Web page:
M.O.R.E. Ordinance Approved by Committee
The Milwaukee Opportunities for Restoring Employment ordinance was the primary reason behind this special meeting of the Community & Economic Development Committee. The ordinance intends to increase the required percentage of City of Milwaukee residents hired to work on city projects and development projects receiving more than $1 million in TIF assistance. Additionally it mandated a prevailing wage to be paid for these projects and set a higher Emerging Business Enterprise (EBE ) utilization level as well. The proposed ordinance brought out a large group of both supporters and opponents. Alderman Ashanti Hamilton attempted to frame the discussion early on saying that “there are many people who may come to the table and say this is the wrong time to do something like this” and indicated that he felt the time was right to move on this ordinance. He added that “I submit to you that the price has already been too great”. Alderman Nik Kovac explained that “in the end this is not a philosophical question, it is a practical question” and lent his support saying that “I think we have a document that comes close to being a win win win”. An extensive list of developers and real estate professional spoke in opposition to the ordinance though primarily the development community opposed the ordinance because of the prevailing wage mandate.
Richard Wanta, Executive Director of the Wisconsin Underground Contractors Association, spoke in opposition of the project saying that “the same city has chased us out of town for decades”. He went on to point out that there is currently only one major water and sewer contractor in the city, so once this passes that contractor is especially likely to get all of the available work in the area because of the new regulations.
Barry Mandel, President of the Mandel Group, pointed to the PERC requirements in the Park East and tied them to the fact that development has been non-existent in the county owned portion of the Park East. He then pointed to The Brewery and The North End projects as two projects that have been moving forward because they utilizing non-prevailing wages.
Greg Uhen, President of Eppstein Uhen Architects, spoke out against the proposed ordinance saying that “my concern is that it will reduce the number of opportunities that come to the city” and that he felt “this is another roadblock, another reason for them not to come”.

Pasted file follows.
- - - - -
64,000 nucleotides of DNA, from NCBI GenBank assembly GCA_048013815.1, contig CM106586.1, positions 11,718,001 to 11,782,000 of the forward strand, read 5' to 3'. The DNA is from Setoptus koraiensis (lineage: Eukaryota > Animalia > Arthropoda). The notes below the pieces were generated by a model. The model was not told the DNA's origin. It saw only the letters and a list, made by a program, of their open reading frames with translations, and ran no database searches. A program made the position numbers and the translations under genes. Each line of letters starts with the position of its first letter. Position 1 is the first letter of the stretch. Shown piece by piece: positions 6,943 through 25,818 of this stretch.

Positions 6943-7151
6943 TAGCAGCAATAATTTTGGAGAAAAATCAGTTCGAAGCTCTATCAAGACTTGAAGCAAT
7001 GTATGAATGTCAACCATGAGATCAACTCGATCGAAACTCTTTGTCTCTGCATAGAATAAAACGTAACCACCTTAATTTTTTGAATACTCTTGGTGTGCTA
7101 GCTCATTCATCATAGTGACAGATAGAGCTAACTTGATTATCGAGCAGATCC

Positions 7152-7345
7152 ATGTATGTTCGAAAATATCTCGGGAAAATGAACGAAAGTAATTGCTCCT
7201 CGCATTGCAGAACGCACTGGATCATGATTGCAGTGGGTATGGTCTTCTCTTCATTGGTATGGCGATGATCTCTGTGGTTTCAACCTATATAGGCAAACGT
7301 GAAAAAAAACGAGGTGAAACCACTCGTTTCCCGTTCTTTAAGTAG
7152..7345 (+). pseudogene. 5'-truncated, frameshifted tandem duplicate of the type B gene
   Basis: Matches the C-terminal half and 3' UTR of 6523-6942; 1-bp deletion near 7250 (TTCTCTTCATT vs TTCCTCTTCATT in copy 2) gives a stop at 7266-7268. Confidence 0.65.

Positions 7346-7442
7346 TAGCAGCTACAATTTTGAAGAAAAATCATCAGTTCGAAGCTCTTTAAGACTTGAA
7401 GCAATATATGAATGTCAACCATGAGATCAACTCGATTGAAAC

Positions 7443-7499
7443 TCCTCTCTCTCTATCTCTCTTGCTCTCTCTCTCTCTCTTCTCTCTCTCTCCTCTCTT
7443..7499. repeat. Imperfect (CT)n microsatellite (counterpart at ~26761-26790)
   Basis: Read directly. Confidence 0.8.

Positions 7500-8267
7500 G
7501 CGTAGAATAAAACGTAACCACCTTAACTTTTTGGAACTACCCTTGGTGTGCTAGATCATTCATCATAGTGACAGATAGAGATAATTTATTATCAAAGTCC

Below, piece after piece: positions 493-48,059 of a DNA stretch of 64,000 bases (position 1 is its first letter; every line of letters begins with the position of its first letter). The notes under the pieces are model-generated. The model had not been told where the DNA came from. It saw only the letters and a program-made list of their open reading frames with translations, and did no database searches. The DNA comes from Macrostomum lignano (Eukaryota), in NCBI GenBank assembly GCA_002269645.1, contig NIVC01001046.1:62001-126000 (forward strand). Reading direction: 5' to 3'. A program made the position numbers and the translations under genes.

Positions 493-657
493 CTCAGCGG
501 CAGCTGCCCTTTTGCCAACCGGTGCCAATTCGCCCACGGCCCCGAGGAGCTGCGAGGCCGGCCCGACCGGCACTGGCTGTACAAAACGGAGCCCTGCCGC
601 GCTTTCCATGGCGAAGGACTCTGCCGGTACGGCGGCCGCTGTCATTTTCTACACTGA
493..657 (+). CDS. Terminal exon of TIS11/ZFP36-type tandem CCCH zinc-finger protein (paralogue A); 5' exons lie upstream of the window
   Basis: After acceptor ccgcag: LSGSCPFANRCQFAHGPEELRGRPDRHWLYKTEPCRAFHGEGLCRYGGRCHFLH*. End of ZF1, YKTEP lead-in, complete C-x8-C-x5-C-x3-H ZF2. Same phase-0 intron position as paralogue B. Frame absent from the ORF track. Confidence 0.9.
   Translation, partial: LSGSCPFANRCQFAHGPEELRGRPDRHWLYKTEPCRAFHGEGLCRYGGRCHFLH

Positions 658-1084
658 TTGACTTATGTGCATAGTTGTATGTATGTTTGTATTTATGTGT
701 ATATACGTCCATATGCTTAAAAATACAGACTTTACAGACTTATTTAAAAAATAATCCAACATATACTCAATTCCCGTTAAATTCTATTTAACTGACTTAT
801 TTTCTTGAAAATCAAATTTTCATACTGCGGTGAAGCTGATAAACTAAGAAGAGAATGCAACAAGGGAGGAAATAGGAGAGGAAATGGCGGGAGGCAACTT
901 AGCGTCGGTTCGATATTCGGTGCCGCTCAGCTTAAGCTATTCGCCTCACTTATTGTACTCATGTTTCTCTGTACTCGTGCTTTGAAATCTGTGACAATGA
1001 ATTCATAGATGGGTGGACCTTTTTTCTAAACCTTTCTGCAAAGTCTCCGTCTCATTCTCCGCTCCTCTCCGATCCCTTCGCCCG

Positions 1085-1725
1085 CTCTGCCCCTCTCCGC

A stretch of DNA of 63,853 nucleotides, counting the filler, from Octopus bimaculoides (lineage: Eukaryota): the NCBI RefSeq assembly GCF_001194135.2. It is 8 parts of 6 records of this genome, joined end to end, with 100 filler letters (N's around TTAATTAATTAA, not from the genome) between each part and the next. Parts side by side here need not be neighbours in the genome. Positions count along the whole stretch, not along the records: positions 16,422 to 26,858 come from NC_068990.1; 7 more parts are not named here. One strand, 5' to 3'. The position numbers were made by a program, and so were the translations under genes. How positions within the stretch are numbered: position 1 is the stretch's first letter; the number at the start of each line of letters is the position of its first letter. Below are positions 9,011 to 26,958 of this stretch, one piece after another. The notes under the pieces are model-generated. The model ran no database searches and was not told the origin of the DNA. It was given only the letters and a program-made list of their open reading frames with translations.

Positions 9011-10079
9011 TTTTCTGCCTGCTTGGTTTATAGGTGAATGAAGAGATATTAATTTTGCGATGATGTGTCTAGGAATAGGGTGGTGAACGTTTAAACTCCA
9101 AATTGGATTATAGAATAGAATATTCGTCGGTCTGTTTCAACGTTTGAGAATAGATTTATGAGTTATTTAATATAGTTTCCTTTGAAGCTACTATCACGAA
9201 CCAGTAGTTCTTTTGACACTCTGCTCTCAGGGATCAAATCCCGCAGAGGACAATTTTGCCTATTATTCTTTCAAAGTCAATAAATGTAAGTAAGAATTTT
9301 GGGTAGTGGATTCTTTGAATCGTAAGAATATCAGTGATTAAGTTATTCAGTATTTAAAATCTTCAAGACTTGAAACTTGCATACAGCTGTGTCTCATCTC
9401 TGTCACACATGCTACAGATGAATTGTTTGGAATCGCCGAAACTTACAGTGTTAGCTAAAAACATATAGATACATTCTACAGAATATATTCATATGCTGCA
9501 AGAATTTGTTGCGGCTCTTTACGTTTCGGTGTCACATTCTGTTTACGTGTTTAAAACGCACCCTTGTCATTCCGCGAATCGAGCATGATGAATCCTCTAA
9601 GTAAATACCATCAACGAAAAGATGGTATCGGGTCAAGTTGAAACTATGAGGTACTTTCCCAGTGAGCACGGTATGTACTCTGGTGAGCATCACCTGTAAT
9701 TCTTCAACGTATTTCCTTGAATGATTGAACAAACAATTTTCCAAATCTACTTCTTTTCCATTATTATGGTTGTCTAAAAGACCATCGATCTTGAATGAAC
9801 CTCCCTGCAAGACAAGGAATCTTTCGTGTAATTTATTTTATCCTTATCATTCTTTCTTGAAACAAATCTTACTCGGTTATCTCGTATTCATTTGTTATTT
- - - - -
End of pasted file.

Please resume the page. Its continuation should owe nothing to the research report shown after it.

The line of members in support of the ordinance were at least as lengthy as those who spoke in opposition of the ordinance. They argued the ordinance would be a a means to improve the City of Milwaukee by putting more residents back to work, and that it would bring equity to hiring standards.
Shelia Cochran, Secretary-Treasurer of the Milwaukee County Labor Council, said some of the comments regarding the prevailing wage requirements were “appalling” and went on to say “why in this day and time has it become fashionable that a black man’s labor is worth less than a white man’s labor” which riled up the audience and prompted Alderman Davis to respond “you have one minute left to continue to chastise them”.
Former Mayor Marvin Pratt explained that he is working with a development group that will adhere to these rules in the Park East, implying that if his group can make the PERC requirements work then other developers can get by with the MORE requirements. He also spoke of his efforts in the past related to improving minority hiring practices and requested the Common Council “do away with gradualism” and approve this ordinance right away.
Lyle Balistreri, President Milwaukee Building & Construction Trades Council, explained that within the trades there is currently 20 – 25% unemployment and expressed his support for the ordinance saying “it’s a great ordinance”.
Pam Fendt, of the Good Jobs Livable Neighborhoods Coalition, argued that there really is no conflict between paying prevailing wages and increasing the hiring of minority workers.
After the public hearing the ordinance was taken in to committee for debate and an eventual vote.
Alderman Willie Wade spoke forcibly in support of the ordinance saying that “this is a highly emotional issue” but that “we’re here to fix something that’s not working”. He appeared to speak directly to the development community saying that “it only applies to you if you take city money” and that “there are too many people getting rich off Milwaukee”.
Alderman Terry Witkowski referenced a letter from the city comptroller indicating that the comptroller believed this ordinance would cause projects to be lost to other cities. He then went on to say that “I have grave reservation as to [this ordinance] hurting the City of Milwaukee more than helping it”.
Alderman Jim Witkowiak expressed his opposition to the ordinance stating “as this ordinance is written today I can not support it, mostly because of the prevailing wage”. He explained that many Hispanic owned contracting companies from his district had contacted him and indicated that this ordinance would hurt their business. It was clear from his statements that the primary concern was over the prevailing wage requirements but otherwise he felt “we’re real close and that it could be great for the City of Milwaukee”.
Alderman Joe Davis, who had ran a very tight meeting, by cutting off all speakers after just a couple of minutes regardless of if they were praying, or attempting to make a point, said that this ordinance was “about equity”. Further he went on to defend the prevailing wage requirements say that “you’re looking at a Chairman who actually benefited from a prevailing wage”.
This ordinance was approved on a 3 to 2 vote and will now go before the full Common Council.